17 August 2009

Movie Review: Outlander


C+

Outlander
2008, 115mins, R
Director: Howard McCain
Writer (s): Dirk Blackman, Howard McCain
Cast includes: Jim Caviezel, Jack Huston, Ron Perlman, John Hurt, Sophia Myles
Release Date: 23rd January 2009


Vikings have been notoriously underserved on the big screen in recent years, the last time a group of ale swilling and axe wielding pillagers featured in a cinema near you was 2007 – the film- “Pathfinder” a depressingly mediocre and unenthused bout of Nordic carnage. Now we’re granted “Outlander” which at least adds space-age back-story and alien dragons to the mix, yet it stills feels that given the periods potential audiences are still being sold a little short. I enjoyed large portions of this effort but by the end it had grown tiresome and the talented cast aren’t really giving it their all in underwritten warrior parts.

After crash-landing in Norway during the year 709 A.D, Kainan (James Caviezel) finds that the deadly cargo he was transporting has been lost. His space craft is destroyed and thus taking what weapons he can salvage he begins to track the terrifying Dragon like Moorwen, following its trail of destruction across the land. However after stumbling upon a village that the alien has desecrated, Kainan is captured via a hunting party led by Wulfric (Jack Huston). They blame him for the Moorwen’s damage and the lives it has claimed, but later the dragon shows itself and attacks the stronghold led by Rothgar (John Hurt). Together the Vikings decide that with the outlander Kainan they will hunt and destroy the Moorwen, taking revenge on the beast for the evil deeds it has committed.

Sounds like a pretty barmy time, huh? Well “Outlander” only partially delivers on it’s whacked out plotline, fans of crazy movies will get solid portions of the undiluted silliness the story seemingly offers but at 115 minutes this romp is unquestionably too long. My patience with “Outlander” had been stretched beyond breaking point by the time Howard McCain decided to call an end to his maxed out Viking epic, had the film ended a quarter of an hour earlier I would have undoubtedly been alot more enamoured with what I’d just seen.

The performances are routine at best and dull at worst, McCain revealing himself as a far from stellar guide for actors. Caviezel isn’t an appalling choice to lead the charge but his offering is little better than average, he plays the strong and silent type adequately but by the same token unremarkably. Something a little more animated might not have done “Outlander” any harm, his quietly spoken and physically imposing shot as an action hero is excessively ordinary in the confines of such a ludicrous screenplay. John Hurt and Ron Perlman are more entertaining as a set of neighbouring warlords whilst much like Caviezel Jack Huston is stunningly so-so as the towns next in line to the throne. However the least impressive cast member is without a doubt British actress Sophia Myles, who fluffs her character from start to finish and cooks up a thoroughly half baked love story with Caviezel. Her interpretation is stunningly generic, the hard bitten daughter of a king having been explored even earlier this year in “Underworld: Rise of the Lycans” (which incidentally McCain co-wrote).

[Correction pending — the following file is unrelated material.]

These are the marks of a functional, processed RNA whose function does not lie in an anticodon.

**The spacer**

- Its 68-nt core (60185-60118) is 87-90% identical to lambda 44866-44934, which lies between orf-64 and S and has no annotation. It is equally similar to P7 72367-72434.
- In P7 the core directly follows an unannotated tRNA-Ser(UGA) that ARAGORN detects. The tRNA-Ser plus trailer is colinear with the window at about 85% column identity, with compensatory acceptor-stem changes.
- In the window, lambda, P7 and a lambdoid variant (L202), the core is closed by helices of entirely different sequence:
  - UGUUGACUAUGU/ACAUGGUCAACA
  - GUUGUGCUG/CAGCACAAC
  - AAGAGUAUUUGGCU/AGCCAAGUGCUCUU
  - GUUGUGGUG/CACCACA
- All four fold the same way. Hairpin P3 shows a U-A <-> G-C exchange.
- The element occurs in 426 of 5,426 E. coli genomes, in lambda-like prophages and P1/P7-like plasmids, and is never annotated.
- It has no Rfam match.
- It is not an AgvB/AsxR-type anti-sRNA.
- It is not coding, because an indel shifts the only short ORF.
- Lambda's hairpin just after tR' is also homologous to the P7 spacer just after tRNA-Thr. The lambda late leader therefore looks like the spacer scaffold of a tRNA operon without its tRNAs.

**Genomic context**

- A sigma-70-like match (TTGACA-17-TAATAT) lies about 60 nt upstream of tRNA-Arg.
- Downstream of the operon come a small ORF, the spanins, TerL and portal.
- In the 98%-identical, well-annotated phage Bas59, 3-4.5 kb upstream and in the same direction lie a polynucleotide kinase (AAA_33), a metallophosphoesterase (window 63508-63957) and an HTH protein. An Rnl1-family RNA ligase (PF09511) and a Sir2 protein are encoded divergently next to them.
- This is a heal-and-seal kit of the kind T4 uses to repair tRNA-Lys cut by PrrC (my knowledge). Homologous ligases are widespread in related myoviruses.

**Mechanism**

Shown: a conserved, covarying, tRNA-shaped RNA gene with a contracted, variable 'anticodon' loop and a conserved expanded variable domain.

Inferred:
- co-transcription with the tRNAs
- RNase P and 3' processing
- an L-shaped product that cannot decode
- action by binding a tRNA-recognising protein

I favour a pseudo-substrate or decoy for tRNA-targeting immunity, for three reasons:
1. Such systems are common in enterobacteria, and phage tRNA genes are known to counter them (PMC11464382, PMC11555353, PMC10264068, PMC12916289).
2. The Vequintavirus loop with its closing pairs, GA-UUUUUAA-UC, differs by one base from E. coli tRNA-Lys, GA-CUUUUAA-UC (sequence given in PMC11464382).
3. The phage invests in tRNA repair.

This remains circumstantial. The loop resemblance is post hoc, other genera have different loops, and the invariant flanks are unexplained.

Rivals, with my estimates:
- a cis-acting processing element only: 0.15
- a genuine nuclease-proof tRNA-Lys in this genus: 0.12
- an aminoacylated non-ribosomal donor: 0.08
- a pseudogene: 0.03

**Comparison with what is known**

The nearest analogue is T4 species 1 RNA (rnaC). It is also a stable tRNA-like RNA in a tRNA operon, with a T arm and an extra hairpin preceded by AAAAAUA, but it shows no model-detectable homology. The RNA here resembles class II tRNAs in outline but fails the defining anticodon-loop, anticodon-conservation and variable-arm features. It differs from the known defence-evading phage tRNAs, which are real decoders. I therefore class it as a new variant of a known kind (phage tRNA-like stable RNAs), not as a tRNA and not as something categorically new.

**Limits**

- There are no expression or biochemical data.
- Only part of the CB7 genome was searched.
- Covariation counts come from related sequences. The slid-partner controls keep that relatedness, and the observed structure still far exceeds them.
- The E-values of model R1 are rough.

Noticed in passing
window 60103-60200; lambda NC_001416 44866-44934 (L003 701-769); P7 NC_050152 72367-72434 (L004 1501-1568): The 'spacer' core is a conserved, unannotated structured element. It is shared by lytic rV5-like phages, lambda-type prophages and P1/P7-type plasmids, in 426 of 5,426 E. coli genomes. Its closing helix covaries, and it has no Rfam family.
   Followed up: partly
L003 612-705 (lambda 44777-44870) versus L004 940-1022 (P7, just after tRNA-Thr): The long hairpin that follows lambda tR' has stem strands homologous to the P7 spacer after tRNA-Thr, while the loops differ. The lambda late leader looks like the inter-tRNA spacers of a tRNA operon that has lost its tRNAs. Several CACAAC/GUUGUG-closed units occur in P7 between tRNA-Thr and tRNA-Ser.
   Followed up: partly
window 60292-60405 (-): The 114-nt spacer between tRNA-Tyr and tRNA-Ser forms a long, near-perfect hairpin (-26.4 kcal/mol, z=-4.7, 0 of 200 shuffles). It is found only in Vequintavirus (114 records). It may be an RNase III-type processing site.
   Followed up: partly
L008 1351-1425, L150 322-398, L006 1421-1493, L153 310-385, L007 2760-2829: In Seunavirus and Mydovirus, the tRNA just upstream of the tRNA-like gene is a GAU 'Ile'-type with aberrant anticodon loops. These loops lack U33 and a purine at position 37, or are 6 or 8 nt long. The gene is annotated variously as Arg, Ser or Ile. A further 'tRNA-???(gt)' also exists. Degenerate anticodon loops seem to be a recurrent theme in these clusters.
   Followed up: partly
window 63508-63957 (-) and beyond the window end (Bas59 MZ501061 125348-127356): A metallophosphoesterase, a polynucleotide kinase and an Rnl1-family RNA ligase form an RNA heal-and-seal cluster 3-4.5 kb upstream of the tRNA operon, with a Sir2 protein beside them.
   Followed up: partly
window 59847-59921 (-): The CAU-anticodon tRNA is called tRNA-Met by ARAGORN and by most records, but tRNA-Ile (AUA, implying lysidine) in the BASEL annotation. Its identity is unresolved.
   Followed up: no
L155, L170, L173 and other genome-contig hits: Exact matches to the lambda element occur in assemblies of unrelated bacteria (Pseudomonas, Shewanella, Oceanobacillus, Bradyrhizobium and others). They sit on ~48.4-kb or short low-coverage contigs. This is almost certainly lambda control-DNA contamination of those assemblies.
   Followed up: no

The romantic elements in “Outlander” are a key problem as not only do they not work but also further the runtime to a notably overlong point, had it all been Viking banter and dragon fuelled carnage then this would have been a hugely more consistent property. The action is well shot and the opening hour moves along at a genuinely exciting and passionate rate, peppered with sword on sword anarchy and some top class creature chaos. The design of the Moorwen actually kept reminding me of the lizard in Roland Emmerich’s unloved “Godzilla” remake from 1998. It’s an imposing looking animal, as you would have to be if the audience is to believe you could give Ron Perlman a case of the shivers.

Clearly with the flourishes of otherworldly imagination (we see the Moorwen planet and the ways of Caviezel’s people) and frantic action “Outlander” had genuine artistic love backing it, the problem is that maybe said love means McCain has taken his monster vs. Marauders tale to unnatural lengths. The climax to “Outlander” follows an excellent set-piece- in which the heroes try to capture the beast- for pacing reasons that sequence would have been a more appropriate end to this venture. Yet McCain soldiers on delivering a bigger but not necessarily as enthralling a climax. Had one of the two final bombastic instances been trimmed and the Myles character dropped this might have been an exquisite dose of B-movie fun. As it stands it’s passable but pretty underwhelming.


A review by Daniel Kelly, 2009

2 comments:

moviefnatic said...

I'm sorry, I think you are way off base in your opinion of Sophia Myles' performance. Her performance brought life to a film that could have ended up boring. Instead captured and held my attention from Sophia's first scene to her last. Sophia Myles is a breath of fresh air to the entertainment industry, and I eagerly look forward to her next role.

jelly-head91 said...

I totally agree with the comment above!

You have made many valid points but I personally feel you are being overally critical in regards to Sophia's role in the movie - She brought the role 'alive' and gave it exactly what it needed to be a believable character

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